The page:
Our analysis allows us to draw some policy recommendations. Firstly, current regulation of DSOs should recognise the differential impact of an increasing level of distributed generation on the financial position of the DSO and therefore regulators should investigate alternative regulation that can sufficiently take into account the drivers behind this impact. Secondly, as a specification of the first recommendation, we suggest to implement a

regulatory formula where the impact of distributed generation on both operating expenditures (with the main driver being electricity generated by distributed generation units, impacting distribution losses) and capital expenditures (with the main drivers the amount of distributed generation units connected to the distribution network) are included. Thirdly, in determining the specific values in the alternative regulatory formula we would recommend to aim for some ‘overcompensation’ of any negative impact of distributed generation penetration on DSOs in order to provide them with an explicit incentive to facilitate and accommodate new distributed generation connections in their distribution networks. Fourthly, when considering the above recommendations on the neutralization and possible incentivisation of DSOs it should be kept in mind that the desirability of regulation aimed at these aspects is intertwined with the developments in the field of ancillary services provision by DSOs. This was discussed in Jansen et al. (2007). On the one hand, DSOs might need to be compensated for the negative impact following the penetration of distributed generation in distribution networks. On the other hand, if DSOs benefit from the provision of ancillary services enabled by the increasing presence of distributed generation, the DSO should compensate the distributed generation operators for this. Netting both impacts implies that valuable economic signals are lost. Changes in regulation should therefore be targeted at either one, or both, described impacts. In the long – run, implementation of location and time dependent network charges could counter the negative impacts for DSOs described in this paper. However, considering the fact that DSOs in some countries are already experiencing the negative impact of large shares of distributed generation in the network, solutions to this particular problem need to be found in adaptation of current regulation in the short-run.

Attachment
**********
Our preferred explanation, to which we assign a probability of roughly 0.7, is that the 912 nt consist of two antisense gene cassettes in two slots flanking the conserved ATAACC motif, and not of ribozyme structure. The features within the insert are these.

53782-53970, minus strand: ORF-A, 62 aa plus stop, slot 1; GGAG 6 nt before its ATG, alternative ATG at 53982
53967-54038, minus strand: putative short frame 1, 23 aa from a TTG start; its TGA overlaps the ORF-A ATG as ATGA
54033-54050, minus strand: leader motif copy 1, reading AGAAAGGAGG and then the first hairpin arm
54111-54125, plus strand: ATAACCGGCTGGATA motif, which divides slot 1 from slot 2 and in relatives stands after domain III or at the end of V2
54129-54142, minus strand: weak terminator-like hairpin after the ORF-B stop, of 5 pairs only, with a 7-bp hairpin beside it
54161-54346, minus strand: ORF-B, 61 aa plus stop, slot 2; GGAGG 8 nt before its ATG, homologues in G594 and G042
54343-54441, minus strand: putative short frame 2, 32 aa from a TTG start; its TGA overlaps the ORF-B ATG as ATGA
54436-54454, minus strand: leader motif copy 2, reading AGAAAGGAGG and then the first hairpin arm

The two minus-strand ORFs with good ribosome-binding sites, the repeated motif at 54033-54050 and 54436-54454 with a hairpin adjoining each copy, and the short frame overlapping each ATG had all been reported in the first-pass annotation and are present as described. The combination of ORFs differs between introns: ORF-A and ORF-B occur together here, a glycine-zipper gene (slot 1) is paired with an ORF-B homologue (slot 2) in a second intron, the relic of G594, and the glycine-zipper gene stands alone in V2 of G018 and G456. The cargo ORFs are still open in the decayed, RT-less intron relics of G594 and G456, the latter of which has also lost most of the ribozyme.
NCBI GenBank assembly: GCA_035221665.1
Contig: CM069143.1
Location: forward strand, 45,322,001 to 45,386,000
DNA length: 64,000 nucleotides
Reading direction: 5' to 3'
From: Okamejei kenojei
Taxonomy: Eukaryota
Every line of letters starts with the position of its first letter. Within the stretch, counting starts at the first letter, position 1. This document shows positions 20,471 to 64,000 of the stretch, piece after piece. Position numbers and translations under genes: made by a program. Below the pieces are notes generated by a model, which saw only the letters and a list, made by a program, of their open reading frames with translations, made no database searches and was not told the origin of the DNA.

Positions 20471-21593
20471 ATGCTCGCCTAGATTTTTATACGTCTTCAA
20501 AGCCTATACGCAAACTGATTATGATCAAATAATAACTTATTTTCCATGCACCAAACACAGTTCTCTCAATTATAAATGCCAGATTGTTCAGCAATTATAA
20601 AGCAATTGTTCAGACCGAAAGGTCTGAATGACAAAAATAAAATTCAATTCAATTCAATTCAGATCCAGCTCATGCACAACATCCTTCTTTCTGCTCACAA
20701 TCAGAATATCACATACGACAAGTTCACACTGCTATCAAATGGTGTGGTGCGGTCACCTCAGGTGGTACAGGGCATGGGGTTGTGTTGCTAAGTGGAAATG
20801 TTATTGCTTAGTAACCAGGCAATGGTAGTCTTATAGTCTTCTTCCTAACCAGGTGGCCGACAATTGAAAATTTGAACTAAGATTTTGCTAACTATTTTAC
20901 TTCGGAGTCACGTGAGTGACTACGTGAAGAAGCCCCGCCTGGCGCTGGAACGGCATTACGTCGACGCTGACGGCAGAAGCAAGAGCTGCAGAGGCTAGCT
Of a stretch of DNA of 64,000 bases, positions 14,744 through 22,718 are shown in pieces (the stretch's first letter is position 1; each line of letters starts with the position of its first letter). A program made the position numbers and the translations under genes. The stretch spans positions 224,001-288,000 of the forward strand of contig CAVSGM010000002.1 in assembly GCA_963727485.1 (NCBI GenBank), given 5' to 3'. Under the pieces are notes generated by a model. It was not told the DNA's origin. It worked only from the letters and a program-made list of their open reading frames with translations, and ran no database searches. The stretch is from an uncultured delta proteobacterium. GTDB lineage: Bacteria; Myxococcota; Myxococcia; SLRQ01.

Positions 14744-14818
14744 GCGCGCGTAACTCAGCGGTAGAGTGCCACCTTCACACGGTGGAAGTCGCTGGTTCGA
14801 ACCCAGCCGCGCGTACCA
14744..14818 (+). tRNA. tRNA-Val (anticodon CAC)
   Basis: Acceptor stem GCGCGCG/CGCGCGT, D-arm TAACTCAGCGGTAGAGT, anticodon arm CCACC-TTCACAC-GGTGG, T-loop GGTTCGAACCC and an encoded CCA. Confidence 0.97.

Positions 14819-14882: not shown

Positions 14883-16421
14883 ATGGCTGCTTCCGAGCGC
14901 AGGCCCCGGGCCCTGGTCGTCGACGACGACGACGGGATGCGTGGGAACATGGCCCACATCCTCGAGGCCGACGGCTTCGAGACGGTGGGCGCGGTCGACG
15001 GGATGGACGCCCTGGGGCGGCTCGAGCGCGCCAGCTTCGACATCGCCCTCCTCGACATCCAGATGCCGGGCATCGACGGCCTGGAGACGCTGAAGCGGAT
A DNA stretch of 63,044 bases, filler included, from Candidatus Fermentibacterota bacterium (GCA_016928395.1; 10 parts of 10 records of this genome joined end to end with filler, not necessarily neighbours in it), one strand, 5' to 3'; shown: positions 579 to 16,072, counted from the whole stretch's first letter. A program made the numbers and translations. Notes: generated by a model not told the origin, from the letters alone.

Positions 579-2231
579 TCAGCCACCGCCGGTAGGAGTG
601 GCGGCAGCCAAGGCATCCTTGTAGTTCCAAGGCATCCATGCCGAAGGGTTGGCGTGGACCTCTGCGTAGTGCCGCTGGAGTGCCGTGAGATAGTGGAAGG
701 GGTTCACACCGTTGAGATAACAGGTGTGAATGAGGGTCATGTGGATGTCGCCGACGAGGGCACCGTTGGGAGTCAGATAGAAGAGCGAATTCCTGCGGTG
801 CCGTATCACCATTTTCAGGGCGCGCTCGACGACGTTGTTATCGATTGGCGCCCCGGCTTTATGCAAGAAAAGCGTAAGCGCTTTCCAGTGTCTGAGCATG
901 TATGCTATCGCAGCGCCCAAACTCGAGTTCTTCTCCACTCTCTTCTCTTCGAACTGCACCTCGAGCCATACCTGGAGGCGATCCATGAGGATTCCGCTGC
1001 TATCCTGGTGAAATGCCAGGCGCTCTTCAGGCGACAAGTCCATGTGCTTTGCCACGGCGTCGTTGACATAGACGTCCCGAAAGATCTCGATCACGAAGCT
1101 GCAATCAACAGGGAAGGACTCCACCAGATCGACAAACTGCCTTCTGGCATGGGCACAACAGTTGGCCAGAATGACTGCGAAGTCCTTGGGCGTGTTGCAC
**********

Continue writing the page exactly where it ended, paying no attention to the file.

In addition to the recommendations for policy and regulation we can also draw some recommendations for future research. Firstly, further research is needed into the issue of deferred investment value. Our analysis showed that this is a very important variable in any financial analysis on the integration of distributed generation in electricity systems. Secondly, the focus of our analysis was on the integration of distributed generation and its impact on the (financial position of the) DSO. The underlying goal of the research was the efficient integration of renewable and distributed generation in current electricity systems. Since this process of integration affects all actors in the electricity system a focus on just the distribution network and its operator is not sufficient. In the end what should be assessed is the overall socio-economic optimal integration of renewable and distributed generation. In other words: how can we optimally facilitate the transition to an electricity system with a larger share of renewable and distributed electricity generation at the least cost for society as a whole? This requires an integral impact analysis of an increase in the penetration of distributed generation on society as a whole, including the impact on networks (distribution and transmission), markets (wholesale, balancing, ancillary services) and the environment (environmental externalities.

Updated: September 23, 2015 — 8:32 pm